The mandate of this blog is to discuss some of the odd historical figures and events my peers and I have encountered while doing research for our various scholarly projects. This entry is no different, albeit with a slight twist: whereas my last blog post keyed in on a real life, violence-prone Baptist preacher whom I encountered while flipping through child-rearing manuals, this entry will examine a fictional character from an old sitcom I’ve been watching in order to figure out how teen room culture played out in the world of arts and entertainment.
The show I’m referring to—in case you were too lazy to even read the damn title—is Diff’rent Strokes, a ratings juggernaut that aired on ABC from 1978 to 1985 and NBC from 1985 to 1986. While much of the show’s humor was derived from the antics of young Arnold Jackson (played by Gary Coleman), his older brother Willis (played by Todd Bridges), and his older step-sister Kimberly (played by Dana Plato), the show’s moral center was always held by Phillip Drummond, the wealthy New Yorker who took in Arnold and Willis after their mother—Drummond’s housekeeper—died of an unspecified illness. Though his character was, in many respects, dull as dishwater, Phillip Drummond did something in a 1981 episode (entitled “The Ancestors”) that legitimately shocked me.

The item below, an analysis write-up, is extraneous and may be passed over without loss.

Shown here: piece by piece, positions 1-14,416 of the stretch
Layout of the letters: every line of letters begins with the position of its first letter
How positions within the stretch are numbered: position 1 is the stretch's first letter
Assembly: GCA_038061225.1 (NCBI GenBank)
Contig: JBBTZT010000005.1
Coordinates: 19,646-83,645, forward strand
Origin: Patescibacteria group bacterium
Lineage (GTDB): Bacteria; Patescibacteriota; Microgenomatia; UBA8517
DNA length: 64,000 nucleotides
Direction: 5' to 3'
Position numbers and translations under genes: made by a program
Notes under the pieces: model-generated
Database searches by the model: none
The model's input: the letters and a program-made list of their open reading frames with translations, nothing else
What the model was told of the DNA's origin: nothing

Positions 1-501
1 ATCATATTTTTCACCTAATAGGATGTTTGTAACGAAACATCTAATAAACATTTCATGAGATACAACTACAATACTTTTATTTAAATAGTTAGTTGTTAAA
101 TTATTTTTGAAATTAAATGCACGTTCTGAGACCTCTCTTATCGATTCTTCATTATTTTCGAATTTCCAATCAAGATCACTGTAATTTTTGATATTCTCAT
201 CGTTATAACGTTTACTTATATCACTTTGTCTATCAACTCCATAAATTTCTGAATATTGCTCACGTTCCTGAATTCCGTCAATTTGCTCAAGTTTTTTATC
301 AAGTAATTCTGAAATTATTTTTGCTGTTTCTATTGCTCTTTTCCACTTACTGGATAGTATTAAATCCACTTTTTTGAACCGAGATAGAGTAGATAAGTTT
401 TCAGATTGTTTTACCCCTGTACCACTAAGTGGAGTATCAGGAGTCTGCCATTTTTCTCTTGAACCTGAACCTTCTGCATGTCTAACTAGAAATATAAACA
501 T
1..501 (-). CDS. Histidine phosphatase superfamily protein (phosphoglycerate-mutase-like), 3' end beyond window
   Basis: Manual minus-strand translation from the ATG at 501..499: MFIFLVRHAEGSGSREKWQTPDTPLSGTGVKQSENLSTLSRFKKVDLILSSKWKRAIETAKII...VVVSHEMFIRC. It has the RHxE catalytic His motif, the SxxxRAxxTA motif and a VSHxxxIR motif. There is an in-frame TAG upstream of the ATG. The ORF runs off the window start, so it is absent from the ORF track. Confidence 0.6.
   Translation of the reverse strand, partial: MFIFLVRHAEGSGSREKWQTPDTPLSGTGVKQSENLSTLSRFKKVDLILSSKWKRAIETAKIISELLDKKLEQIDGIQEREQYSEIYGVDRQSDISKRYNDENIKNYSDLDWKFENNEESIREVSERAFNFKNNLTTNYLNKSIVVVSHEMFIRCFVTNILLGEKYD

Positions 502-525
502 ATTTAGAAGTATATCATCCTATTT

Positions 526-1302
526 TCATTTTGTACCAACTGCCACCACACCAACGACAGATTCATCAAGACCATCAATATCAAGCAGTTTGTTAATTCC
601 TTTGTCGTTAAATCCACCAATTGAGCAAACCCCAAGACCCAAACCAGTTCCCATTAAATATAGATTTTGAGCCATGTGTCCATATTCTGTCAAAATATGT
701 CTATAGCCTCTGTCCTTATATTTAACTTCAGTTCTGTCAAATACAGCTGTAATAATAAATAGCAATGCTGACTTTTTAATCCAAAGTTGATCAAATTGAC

But first some background information…
“The Ancestors” begins with an appearance from a lawyer for the city of New York who informs Mr. Drummond that a plot of land in Harlem that was once assumed to be owned by the city was in actuality owned by one Heinrich Van Drummond, a distant uncle of Phillip’s who amassed a small fortune in the early nineteenth century. Phillip and his children are, of course, elated to find out that they may own a piece of property that could be worth as much as $2 million. Willis even suggests that his dad build a community center on the property in order to help out Harlem’s black community, an idea that Phillip, adopting a characteristically avuncular tone of voice, readily agrees to. There’s one hitch though: Phillip has to come up with evidence to prove that he’s actually related to Heinrich Van Drummond.
After a quick commercial break—let’s just imagine for a moment that ABC aired teasers for its other hit comedies Happy Days, Laverne & Shirley, and Three’s Company—we see Phillip and his sister Sophia (played by Broadway veteran Dody Goodman) carrying some boxes filled with important family documents and other heirlooms. A portrait of Heinrich, which looks almost identical to Phillip save for some serious mutton chop sideburns, is produced, as is a journal in which Heinrich waxes poetic to his wife Martha. A marriage certificate is eventually pulled from the box, offering Phillip and his sister the evidence they need to prove that they are the descendents of Heinrich Van Drummond and, thus, the rightful owners of the property in Harlem.